Penology, Justice and Liberty: Are You a Man Or a Mouse?

Front Cover
University Press of America, 2005 - Social Science - 148 pages
When a person is convicted of a crime what should be done? Should the criminal experience the full wrath of the law (retribution) or be written off as a victim of circumstance, powerless against his/her own biological or psychological tendencies (rehabilitation), or should we focus on the prevention of crime (deterrence) and not the criminal? Because we live in a democracy, whatever policy is employed is done in our name. Do we have a moral and ethical obligation to examine and justify our views on this matter? Most of the current books in the field address these issues as mere value choices of the moment, simply presenting the pros and cons for each policy. But this is akin to allowing civilians to wander through an intellectual mine field without benefit of a map or guidelines. Penology, Justice and Liberty attempts to understand how we have arrived at these 'solutions' to our problem of living with one another. It explores the philosophical and historical bases underlying current policies. It is not exhaustive, but hopefully will encourage further study and reflection.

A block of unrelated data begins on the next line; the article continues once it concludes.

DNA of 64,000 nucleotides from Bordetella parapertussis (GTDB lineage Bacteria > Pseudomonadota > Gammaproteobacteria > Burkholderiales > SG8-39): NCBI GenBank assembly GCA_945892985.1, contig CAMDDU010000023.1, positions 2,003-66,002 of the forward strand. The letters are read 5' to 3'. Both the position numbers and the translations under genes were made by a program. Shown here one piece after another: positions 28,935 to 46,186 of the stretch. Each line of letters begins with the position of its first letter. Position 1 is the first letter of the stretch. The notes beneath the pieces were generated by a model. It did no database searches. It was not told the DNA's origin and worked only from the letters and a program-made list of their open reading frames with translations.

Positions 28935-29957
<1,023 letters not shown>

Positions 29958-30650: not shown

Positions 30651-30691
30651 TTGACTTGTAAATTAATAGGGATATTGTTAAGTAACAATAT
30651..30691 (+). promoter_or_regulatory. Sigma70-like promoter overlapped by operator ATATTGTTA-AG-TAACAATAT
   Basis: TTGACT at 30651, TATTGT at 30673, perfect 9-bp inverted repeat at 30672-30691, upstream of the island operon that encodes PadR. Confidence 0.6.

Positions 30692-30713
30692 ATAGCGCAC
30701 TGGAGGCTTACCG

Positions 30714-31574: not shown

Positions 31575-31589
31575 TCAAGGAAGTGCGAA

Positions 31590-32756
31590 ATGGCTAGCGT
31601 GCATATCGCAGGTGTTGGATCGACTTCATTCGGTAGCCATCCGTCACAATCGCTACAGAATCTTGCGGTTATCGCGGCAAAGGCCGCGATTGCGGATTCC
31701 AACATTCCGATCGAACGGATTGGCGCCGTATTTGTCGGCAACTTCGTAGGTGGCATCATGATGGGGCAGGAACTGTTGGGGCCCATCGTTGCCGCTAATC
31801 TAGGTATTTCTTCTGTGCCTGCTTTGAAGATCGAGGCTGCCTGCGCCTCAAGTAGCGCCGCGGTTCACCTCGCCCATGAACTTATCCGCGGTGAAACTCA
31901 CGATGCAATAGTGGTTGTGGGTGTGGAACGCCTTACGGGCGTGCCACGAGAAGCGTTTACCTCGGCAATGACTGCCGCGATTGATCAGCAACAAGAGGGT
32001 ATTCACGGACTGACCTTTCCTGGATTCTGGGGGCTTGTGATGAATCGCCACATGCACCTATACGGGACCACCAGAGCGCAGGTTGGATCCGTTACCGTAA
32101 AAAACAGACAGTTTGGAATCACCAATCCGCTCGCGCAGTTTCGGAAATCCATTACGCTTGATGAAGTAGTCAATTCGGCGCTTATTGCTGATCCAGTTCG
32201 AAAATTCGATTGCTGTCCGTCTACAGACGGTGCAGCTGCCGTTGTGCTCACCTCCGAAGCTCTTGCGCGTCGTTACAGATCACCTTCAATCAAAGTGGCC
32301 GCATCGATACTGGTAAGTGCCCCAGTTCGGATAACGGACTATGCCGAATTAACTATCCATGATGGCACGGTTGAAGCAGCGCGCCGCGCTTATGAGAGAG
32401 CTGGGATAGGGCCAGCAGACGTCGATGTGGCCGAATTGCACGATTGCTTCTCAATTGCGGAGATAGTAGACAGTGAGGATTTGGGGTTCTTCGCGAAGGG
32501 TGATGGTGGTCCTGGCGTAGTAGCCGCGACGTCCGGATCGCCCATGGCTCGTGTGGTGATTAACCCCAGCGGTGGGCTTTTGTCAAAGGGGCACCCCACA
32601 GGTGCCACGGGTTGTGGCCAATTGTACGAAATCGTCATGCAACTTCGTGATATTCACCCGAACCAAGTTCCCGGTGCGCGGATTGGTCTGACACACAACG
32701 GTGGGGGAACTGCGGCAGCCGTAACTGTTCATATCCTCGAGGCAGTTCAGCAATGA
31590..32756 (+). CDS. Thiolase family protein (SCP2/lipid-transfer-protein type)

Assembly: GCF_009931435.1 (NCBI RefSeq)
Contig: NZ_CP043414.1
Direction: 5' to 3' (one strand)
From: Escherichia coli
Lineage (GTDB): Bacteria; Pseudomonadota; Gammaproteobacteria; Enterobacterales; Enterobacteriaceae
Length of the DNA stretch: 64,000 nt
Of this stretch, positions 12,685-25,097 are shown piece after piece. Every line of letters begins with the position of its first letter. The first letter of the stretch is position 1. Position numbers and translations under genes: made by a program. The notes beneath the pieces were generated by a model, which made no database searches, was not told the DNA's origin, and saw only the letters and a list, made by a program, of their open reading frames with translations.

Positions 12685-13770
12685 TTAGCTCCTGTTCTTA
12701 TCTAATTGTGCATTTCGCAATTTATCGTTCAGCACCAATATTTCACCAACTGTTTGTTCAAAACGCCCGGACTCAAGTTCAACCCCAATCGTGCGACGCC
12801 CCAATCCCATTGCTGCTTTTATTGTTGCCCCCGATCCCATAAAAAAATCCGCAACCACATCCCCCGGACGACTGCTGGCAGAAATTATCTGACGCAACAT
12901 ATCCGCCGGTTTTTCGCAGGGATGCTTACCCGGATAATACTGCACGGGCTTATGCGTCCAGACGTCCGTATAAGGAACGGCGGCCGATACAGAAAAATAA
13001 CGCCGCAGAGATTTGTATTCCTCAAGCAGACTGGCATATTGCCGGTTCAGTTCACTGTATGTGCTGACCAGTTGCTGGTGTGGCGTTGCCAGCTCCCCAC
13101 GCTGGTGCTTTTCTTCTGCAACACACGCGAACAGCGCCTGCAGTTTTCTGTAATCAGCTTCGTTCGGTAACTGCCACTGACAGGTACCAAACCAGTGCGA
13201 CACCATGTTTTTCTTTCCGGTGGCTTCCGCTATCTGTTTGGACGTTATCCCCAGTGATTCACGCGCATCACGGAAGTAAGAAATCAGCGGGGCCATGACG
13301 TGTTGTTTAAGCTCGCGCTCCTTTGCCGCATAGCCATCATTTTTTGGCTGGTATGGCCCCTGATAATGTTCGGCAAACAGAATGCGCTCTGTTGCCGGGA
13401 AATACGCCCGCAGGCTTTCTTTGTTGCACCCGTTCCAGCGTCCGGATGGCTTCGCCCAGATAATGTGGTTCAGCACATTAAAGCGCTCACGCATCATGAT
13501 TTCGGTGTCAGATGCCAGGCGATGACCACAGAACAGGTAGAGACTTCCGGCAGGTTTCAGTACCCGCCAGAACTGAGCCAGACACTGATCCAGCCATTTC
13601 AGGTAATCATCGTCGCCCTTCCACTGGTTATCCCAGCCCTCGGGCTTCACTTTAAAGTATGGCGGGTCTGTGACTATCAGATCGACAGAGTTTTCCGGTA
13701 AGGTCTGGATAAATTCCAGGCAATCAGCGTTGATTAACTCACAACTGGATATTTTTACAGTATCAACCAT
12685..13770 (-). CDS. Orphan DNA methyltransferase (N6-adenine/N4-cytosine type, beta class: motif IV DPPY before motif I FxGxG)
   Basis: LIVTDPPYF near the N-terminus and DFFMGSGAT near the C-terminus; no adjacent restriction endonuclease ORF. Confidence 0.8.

What people are saying - Write a review

We haven't found any reviews in the usual places.

Contents

Are You a Man or a Mouse?
6
Do What You are Told Or Else Reflections on Deterrence
30
The Doctor will Cure You Reflections on Rehabilitation
66
It is All a Matter of Choice or Is It? Reflections on Retribution
92
Rewind and Fast Forward Where Do We Go From Here?
114
References
131
Index
141
Copyright

Other editions - View all

Common terms and phrases

About the author (2005)

James C. McEleney is former tenured Associate Professor of Sociology and Criminal Justice at St. Thomas Aquinas College. Professor McEleney received his doctorate of Philosophy in Sociology from Fordham University. Barbara Lavin McEleney is a tenured Associate Professor of Criminal Justice and Political Science at Marist College. Professor Lavin McEleney received her doctorate of Philosophy in Political Science from Fordham University.

Bibliographic information